Richer, I., Bertrand, K., Vandermeerschen, J. et Roy, E. (2012). A prospective cohort study of non-fatal accidental overdose among street youth: The link with suicidal ideation. Drug and alcohol review, 32.
Introduction and Aims : Drug overdose and suicide are the two leading causes of death among street youth. The literature discusses the two faces of drug overdose: accidental act and suicide attempt. Some authors have stated that accidental overdoses may be a hidden expression of suicidal ideation. This study longitudinally examined the relationship between recent suicidal ideations and non‐fatal accidental drug overdoses among street youth.
Design and Methods : Between July 2001 and December 2005, 858 street youth (14–23 years old) were recruited for a prospective cohort study. Youth were eligible if, in the previous year, they had been without a place to sleep more than once or had used the services of street youth agencies on a regular basis (≥3). Participants completed baseline questionnaires and follow‐up interviews were carried out every 6 months. Mixed‐effect logistic regression models were conducted. Apart from suicidal ideation and accidental drug overdose, variables considered in the model were age, sex, problematic alcohol use, homelessness, injection drug use and polydrug use (≥3 drugs).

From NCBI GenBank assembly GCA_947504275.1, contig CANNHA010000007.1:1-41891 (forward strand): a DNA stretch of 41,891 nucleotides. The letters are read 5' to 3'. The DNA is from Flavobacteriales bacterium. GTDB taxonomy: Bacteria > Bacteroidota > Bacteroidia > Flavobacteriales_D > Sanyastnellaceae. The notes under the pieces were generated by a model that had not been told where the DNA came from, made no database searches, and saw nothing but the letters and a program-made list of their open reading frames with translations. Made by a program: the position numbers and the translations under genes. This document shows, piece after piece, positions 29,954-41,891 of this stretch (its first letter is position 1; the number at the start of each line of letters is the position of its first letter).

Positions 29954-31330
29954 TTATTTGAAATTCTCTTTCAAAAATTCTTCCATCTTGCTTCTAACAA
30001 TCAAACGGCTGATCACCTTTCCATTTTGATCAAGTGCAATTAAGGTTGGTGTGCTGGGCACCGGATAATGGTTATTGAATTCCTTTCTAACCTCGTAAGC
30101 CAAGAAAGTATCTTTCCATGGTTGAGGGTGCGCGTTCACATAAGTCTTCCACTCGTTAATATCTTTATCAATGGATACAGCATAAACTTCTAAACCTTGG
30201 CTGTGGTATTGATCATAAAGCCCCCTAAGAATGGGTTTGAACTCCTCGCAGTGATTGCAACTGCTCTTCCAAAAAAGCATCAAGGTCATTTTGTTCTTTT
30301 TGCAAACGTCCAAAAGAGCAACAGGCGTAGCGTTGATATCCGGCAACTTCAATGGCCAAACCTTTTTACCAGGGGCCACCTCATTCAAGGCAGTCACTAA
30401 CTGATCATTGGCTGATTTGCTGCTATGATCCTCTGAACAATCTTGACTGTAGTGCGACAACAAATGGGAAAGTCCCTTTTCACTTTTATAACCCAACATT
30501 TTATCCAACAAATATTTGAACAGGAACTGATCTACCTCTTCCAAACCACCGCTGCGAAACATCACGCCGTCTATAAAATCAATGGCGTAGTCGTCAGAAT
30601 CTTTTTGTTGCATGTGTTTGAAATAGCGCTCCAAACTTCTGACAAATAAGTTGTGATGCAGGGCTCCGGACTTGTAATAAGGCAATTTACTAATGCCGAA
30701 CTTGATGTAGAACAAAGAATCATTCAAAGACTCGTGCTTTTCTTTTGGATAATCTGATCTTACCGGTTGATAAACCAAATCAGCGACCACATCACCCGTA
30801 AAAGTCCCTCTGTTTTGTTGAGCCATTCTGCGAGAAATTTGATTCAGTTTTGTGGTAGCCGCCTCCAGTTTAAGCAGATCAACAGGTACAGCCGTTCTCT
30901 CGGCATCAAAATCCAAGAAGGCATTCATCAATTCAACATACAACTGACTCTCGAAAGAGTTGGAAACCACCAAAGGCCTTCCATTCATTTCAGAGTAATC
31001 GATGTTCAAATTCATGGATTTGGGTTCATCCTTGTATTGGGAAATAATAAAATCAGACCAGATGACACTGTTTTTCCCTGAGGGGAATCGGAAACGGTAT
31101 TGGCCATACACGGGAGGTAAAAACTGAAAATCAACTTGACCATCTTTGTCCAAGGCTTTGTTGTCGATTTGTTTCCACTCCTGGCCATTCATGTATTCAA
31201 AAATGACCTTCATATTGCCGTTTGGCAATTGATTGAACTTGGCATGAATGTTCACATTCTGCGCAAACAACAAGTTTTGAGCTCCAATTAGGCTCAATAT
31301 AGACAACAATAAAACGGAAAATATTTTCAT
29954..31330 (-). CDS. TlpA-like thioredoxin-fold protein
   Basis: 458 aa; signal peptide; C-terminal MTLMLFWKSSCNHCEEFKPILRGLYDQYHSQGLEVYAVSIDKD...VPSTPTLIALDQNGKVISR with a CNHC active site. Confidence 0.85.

Results : Accidental drug overdose was significantly associated with suicidal ideation (adjusted odds ratio 1.88; 95% confidence interval 1.23–2.54). Homelessness, injection drug use and polydrug use were also significant in the final model.
Discussion and Conclusions : Results show that, during follow up, suicidal ideation independently increased risks of accidental overdose. They also underscore the need for interventions beyond educational prevention. Primary care practitioners should investigate suicidal ideations and behaviours of street youth in treatment for accidental overdose. [Richer I, Bertrand K, Vandermeerschen J, Roy É. A prospective cohort study of non‐fatal accidental overdose among street youth: The link with suicidal ideation.